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Acropolis and Tram:
Series No.: 172
ISBN: 978-1-933382-37-1, Pages: 125
Greek Literature, Poetry
Nikos Engonopoulos is surely one of the most curious figures in twen¬tieth-century poetry. An ambidextrous painter-poet and early convert to surrealism, Engonopoulos joined forces with Andreas Embirikos and Odysseus Elytis in the late 1930s to change the course of Greek poetry forever.
Bruised by the reception in the Athens press of his first two books, Engonopoulos spent the next 40 years in semi-seclusion, evolving a theater of gesture and sign in which were acted out the drama of twentieth-century geopolitics. For Greece, this meant military dicta¬torship, foreign invasion and occupation, a brutalizing civil war and subsequent Cold War lockdown. On the stage of Engonopoulos's poetry these events appear in costumes from other times and places, mostly the former Greco-Balkan world that reached from the Rio dei Greci in Venice to the ancient city of Sinope on the Black Sea. Against these backdrops roam his cast of characters: fantastical Albanians, Montenegran monarchs, Orthodox warrior-saints, Bulgarian woodsmen and Smyrnian beauties. In a short lyric set in Paris (or Constantinople, or Venice, or all three), Engonopoulos writes about "the Grand Initiates" who once "by means of gestures / asked / that I meet them outside." His poems, like the Initiates, beckon us outside to a meeting with the unfamiliar.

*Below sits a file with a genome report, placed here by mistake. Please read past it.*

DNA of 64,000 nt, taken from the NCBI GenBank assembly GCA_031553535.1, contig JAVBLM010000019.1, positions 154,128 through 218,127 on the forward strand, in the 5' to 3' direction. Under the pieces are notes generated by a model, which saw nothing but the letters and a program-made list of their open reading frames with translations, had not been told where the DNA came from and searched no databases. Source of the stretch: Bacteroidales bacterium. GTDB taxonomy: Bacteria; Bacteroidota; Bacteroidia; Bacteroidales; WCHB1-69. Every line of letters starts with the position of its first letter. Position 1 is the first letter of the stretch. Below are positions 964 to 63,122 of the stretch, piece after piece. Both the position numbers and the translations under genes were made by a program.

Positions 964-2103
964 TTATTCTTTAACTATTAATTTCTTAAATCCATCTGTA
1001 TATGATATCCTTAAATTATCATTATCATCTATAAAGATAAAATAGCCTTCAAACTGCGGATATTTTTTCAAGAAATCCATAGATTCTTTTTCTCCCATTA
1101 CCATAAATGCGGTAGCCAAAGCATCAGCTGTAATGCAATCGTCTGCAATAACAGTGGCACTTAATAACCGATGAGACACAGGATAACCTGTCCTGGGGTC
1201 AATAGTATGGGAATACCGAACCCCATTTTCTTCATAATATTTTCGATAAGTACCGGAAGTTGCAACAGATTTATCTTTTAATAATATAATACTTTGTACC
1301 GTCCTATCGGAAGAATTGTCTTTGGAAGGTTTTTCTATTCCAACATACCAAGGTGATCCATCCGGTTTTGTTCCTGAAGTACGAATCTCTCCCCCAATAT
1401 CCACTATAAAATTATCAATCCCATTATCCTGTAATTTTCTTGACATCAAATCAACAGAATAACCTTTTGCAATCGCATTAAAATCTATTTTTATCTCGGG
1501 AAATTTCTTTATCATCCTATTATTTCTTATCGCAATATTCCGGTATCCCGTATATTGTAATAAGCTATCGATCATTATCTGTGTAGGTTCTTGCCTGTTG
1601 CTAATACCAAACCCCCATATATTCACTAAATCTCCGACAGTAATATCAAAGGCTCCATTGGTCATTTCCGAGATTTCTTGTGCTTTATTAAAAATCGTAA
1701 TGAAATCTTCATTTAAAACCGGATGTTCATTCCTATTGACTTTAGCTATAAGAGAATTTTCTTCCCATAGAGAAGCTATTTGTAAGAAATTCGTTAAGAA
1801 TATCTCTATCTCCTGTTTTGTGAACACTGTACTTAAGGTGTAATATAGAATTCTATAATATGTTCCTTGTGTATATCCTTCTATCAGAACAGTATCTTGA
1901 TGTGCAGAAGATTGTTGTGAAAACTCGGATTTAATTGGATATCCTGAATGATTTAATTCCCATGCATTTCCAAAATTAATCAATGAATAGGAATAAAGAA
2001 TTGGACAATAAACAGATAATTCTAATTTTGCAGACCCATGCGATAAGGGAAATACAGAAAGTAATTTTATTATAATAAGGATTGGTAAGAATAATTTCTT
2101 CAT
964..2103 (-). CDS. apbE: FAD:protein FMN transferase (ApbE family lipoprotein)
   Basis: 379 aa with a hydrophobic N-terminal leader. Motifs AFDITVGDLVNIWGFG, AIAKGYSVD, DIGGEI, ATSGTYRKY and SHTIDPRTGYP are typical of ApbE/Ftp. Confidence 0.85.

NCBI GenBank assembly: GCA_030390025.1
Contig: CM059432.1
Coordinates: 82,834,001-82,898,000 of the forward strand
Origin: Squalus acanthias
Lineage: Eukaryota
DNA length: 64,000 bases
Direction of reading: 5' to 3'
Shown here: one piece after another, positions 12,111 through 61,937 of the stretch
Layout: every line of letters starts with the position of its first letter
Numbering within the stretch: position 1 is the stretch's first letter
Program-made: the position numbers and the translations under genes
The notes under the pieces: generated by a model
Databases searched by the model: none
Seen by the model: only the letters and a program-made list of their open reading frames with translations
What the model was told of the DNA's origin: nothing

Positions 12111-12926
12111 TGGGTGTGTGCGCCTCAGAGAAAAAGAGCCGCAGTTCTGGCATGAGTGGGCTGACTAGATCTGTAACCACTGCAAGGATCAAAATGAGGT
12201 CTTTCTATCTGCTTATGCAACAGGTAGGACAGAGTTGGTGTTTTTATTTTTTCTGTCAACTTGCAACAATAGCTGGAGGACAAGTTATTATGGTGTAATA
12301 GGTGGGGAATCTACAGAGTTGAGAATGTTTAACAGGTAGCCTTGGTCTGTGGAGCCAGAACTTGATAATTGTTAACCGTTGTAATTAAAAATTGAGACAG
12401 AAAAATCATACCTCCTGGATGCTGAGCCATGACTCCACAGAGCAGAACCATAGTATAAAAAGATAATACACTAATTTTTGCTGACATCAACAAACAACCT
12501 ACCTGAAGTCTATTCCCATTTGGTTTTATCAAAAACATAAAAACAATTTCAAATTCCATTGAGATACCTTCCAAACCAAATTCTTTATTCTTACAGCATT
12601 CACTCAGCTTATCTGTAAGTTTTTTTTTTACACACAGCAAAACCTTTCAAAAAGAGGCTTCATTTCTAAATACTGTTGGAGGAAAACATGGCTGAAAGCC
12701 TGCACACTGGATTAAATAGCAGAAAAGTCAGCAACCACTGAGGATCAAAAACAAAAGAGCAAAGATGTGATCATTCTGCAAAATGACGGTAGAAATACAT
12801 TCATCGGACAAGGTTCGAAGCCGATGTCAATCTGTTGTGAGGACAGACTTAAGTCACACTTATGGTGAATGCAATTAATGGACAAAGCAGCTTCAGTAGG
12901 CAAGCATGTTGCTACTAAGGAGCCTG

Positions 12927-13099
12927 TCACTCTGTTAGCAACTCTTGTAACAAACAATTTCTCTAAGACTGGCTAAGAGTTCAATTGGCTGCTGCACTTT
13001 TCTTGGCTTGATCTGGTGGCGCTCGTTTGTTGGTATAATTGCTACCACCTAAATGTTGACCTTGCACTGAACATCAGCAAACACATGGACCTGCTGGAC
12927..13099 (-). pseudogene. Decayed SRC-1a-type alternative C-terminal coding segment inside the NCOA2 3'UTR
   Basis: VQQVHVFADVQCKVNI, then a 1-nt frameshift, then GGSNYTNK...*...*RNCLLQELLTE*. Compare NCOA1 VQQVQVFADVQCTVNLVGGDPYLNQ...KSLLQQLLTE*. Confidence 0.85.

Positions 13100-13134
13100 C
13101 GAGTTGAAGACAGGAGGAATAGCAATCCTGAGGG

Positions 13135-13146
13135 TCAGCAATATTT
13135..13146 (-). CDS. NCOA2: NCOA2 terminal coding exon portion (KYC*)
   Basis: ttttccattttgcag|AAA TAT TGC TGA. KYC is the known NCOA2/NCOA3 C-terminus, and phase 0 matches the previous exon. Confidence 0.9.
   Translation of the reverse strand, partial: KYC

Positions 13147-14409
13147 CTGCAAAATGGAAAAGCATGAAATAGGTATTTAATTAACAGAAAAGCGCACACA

Acropolis and Tram, Engonopoulos's first collection in English, spans his career from the early experiments in surrealist disassociation to the late elegies for a lost world. It also includes the long poem "Bolivar," his covert ode to the Greek resistance first published in 1945.